On the horror side of this story, was there an element or a set piece that you knew you had to nail to win over your audience?

Well, because I think the horror element is so much far removed from the original, I think there was a little pressure off of that. I think, in essence, you have to make sure … if you’re turning it into a horror movie you have to respect the horror fans, and I am a horror fan, so I know what I like. One of the things I’m very proud of in this particular movie is that me and my friends always mention when you watch horror movies the girl runs and trips and gets killed. These girls are running for their lives and there’s some great chase scenes in this, and I was really proud of that.

Also, you want to make sure there’s a certain level of gore. You hate to pander to people, but I think that’s one of the fun aspects of it and I think there is a level of gore where the movie isn’t about that. It’s kind of an addition to what the movie is and I think that’s what makes it a little bit more shocking when you see it.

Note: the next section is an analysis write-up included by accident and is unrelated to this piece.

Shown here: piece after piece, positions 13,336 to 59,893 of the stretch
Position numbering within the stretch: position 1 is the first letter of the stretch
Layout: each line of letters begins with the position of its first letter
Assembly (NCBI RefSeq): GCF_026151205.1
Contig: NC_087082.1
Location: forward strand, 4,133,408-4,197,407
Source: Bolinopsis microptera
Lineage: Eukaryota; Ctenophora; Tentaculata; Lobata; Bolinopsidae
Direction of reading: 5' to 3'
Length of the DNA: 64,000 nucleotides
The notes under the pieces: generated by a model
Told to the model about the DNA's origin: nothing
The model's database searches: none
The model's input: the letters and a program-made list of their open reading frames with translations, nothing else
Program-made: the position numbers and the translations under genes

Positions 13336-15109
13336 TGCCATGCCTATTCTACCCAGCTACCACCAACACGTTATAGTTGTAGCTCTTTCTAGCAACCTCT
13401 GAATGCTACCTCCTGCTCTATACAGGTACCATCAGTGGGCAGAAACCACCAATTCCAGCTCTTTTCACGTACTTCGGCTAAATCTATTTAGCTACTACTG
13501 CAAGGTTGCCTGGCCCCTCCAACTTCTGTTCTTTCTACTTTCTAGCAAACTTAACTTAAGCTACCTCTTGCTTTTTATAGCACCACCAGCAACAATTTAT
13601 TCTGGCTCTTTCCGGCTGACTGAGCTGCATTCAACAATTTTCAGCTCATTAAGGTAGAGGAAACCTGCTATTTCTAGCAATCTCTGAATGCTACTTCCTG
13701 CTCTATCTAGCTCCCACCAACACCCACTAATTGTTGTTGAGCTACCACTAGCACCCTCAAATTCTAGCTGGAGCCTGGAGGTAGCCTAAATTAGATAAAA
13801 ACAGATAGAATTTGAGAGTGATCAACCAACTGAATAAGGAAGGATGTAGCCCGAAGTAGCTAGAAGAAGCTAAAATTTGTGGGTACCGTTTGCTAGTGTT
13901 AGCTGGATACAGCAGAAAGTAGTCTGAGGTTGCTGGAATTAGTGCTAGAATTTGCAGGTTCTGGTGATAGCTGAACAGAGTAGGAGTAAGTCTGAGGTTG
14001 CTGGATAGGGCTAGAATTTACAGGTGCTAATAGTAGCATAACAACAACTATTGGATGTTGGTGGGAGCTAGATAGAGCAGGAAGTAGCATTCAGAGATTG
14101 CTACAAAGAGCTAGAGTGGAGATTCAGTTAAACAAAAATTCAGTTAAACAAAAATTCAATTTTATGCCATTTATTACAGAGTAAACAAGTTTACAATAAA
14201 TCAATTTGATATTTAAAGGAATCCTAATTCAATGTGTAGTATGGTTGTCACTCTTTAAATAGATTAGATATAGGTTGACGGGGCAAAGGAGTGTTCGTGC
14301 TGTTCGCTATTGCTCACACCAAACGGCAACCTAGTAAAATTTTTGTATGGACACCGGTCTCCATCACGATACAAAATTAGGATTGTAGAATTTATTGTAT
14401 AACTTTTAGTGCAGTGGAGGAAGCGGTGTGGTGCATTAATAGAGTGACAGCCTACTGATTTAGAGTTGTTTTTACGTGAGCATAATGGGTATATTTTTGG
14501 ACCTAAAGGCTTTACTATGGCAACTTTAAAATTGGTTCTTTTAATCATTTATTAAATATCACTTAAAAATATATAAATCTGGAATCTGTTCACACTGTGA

You talk about the horror that you like. What are your inspirations? What movies or stories are you bringing with you into the filmmaking process?

Well, for this particular film or in general?

We could start with this particular film, but I’d be happy to hear in general as well.

Yeah. Well, in general, I love the movies from the ’60s and ’70s, like Rosemary’s Baby. You look at that movie and it reads like a period piece. It doesn’t read like a movie that was done back in ’67. It’s impeccable storytelling and it holds true through time and I think that’s a really good movie. The Believers, from the ’80s, with Martin Sheen, that’s a creepy cult tale with a little supernatural element. More recently, movies like The Witch, that to me was a standout. It Comes at Night, that one’s a really good, creepy atmospheric movie.